"Bad faith" actors who bend the truth have been around as long as the printing press. But these days, they are front and center in our choose-your-own-news environment. The phrase "fake news" has come to mean many things, but Slate's Jacob Weisberg has a simple way of summing up "bad faith" actors in today's media landscape.
"In a way, 'bad faith' is a euphemism for propaganda," said Jacob Weisberg, chairman and editor-in-chief of the Slate Group and co-host of the "Trumpcast" podcast. "And that is a prevalent phenomenon in media now watched by a lot of people."
A "bad faith" actor can essentially be anyone -- a pundit on TV, a radio host, or a politician in Washington -- but every "bad faith" actor stirs up confusion for their audience in some way. In turn, this can make it more difficult for journalists to get to the facts and to tell the true story.
Weisberg discussed the effect of "bad faith" actors, as well as the middle ground between news and opinion and this week's stock market volatility, with Brian Stelter for this week's Reliable Sources podcast.
Listen to the whole podcast here:
The concept of a "bad faith" actor isn't new, but it's been getting more attention recently in light of conservative media and legislators' hype of what was ultimately an anticlimactic memo by Representative Devin Nunes. The four-page memo, widely considered one-sided, alleges that the FBI abused surveillance methods. The House Intelligence Committee has since voted to release a memo from Democrats that counters Nunes's.
In Stelter's mind, "bad faith" actors "manipulate the system."
"I think it's an apt description," Weisberg responded. "And certainly again of the president who's trying to muddy the waters."
"I thought it was very interesting that Trump went on this unprompted rant about treason the other day," he said. "You know, there's a longstanding pattern with Trump where he, whatever he is guilty of or accused of, I guess you could say, to be a little more fair, he accuses his opponents of."
It's a method that Weisberg associates with historian Richard Hofstadter's essay "The Paranoid Style in American Politics."
"What the paranoid style is, it's not just being paranoid," Weisberg told Stelter. "It's taking on the characteristics of your opponents... And I see paranoid behavior in that sense by Trump and his supporters. They are constantly accusing their enemies of doing the very thing that they're doing."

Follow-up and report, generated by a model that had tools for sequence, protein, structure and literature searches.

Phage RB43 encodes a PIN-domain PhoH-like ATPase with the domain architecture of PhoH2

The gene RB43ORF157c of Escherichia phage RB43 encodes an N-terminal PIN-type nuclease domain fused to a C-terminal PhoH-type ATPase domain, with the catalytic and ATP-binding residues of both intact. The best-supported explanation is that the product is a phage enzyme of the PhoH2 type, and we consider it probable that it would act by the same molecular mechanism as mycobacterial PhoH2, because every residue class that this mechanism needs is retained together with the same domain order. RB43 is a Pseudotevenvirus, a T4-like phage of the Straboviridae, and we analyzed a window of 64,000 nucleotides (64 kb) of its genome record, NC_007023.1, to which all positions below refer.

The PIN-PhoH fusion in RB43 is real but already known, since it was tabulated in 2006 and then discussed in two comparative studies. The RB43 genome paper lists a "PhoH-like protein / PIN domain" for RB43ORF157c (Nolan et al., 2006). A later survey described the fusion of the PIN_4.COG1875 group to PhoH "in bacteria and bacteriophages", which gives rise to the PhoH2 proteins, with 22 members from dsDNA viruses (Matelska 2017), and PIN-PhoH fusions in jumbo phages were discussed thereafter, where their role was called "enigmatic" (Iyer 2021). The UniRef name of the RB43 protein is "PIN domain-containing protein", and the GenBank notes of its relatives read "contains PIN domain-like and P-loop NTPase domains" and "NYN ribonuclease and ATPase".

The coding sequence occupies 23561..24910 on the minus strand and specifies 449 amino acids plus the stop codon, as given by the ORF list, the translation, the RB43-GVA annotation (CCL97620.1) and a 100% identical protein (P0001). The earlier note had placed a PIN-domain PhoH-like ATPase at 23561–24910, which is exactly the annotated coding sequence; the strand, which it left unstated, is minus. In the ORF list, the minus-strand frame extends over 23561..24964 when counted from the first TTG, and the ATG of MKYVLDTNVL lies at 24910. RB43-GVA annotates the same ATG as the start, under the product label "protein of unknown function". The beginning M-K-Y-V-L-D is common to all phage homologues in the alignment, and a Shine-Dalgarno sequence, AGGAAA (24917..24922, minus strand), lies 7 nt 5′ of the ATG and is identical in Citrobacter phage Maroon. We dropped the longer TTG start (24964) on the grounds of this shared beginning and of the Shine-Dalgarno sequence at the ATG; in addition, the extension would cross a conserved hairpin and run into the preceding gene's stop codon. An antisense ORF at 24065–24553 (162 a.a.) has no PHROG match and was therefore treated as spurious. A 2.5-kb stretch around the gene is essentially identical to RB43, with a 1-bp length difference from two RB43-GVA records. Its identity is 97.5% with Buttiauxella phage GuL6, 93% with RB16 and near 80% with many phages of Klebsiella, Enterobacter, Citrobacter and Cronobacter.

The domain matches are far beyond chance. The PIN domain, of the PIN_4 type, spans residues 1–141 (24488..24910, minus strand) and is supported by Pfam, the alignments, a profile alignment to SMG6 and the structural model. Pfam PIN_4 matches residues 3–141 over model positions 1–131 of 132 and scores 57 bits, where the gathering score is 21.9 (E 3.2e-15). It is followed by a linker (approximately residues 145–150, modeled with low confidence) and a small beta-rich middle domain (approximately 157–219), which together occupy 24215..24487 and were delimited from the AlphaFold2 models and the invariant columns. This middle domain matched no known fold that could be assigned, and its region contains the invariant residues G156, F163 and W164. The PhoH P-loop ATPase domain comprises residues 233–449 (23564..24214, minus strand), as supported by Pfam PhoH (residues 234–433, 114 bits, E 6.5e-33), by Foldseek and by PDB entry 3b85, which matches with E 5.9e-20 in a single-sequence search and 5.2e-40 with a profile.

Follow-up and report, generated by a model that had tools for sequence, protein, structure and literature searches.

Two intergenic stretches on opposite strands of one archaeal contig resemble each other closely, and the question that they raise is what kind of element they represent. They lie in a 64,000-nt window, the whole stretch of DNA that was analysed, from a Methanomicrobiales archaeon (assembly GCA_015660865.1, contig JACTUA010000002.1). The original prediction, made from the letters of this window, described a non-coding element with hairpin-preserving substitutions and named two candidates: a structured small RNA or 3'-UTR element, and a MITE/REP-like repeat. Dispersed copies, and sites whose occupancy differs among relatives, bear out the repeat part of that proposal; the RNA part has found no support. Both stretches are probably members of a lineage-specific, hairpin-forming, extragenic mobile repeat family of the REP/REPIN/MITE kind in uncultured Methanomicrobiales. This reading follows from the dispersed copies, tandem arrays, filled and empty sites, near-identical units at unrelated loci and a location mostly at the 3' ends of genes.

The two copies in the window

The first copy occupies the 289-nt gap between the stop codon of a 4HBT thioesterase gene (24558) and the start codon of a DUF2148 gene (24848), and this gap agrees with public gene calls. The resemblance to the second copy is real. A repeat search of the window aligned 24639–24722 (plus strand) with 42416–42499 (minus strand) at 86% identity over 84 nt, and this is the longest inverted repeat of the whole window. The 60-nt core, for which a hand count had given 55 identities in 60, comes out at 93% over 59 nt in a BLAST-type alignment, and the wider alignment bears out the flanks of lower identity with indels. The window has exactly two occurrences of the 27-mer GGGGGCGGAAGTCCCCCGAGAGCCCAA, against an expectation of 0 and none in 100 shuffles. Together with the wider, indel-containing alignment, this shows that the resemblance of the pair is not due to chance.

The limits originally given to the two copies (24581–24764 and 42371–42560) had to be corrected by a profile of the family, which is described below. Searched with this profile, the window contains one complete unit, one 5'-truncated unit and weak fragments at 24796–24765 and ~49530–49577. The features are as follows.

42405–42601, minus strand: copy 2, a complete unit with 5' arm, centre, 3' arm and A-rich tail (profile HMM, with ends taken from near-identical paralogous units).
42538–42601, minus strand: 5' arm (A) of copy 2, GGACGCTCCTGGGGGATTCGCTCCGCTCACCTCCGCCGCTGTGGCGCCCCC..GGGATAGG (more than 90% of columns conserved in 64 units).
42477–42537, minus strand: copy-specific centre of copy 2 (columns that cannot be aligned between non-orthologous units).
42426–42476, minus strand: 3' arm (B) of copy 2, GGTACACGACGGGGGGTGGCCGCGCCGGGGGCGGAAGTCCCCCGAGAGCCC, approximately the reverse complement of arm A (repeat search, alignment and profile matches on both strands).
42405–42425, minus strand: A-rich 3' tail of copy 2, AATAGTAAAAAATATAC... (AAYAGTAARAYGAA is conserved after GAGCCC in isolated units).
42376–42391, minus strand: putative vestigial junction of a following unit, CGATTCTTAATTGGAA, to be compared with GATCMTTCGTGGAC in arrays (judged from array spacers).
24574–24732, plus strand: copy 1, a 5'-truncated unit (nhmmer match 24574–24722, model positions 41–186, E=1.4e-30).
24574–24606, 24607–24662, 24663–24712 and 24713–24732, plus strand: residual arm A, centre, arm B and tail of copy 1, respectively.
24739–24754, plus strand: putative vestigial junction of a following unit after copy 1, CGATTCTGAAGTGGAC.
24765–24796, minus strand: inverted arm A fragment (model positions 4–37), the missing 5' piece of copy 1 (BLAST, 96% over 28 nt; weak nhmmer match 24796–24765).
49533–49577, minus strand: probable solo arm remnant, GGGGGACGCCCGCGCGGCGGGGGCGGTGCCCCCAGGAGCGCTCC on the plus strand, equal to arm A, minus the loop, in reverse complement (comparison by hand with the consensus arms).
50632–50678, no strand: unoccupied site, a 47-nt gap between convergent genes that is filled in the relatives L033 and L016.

Trump's claim of treason this past Monday was "quite telling," Stelter said. While speaking at a manufacturing plant in Cincinnati, Ohio, Trump accused Democrats of being "un-American" and "treasonous" for not standing and applauding during his State of the Union address. Trump laughed while making his remarks, but "it's something that's profoundly inappropriate to say from the presidential podium," Stelter said.
White House press secretary Sarah Sanders said on Tuesday that Trump was "clearly joking" in his comments.
While "bad faith" can be applied to both politics and media, the context is a bit different, Weisberg said.
"I think that 'bad faith' is a trickier proposition in politics because it presumes that the baseline is good faith, and I'm not sure the baseline in politics is good faith," he told Stelter. "I mean, I think there is a lot of genuine belief and a lot of politicians have real integrity. But you know, you don't want to get into a mindset where because you imbue bad faith to your opponents, which may well be justified, you impute good faith to your side."
"So, I think you have to be careful of sort of imputing virtue to yourself when you're criticizing others,"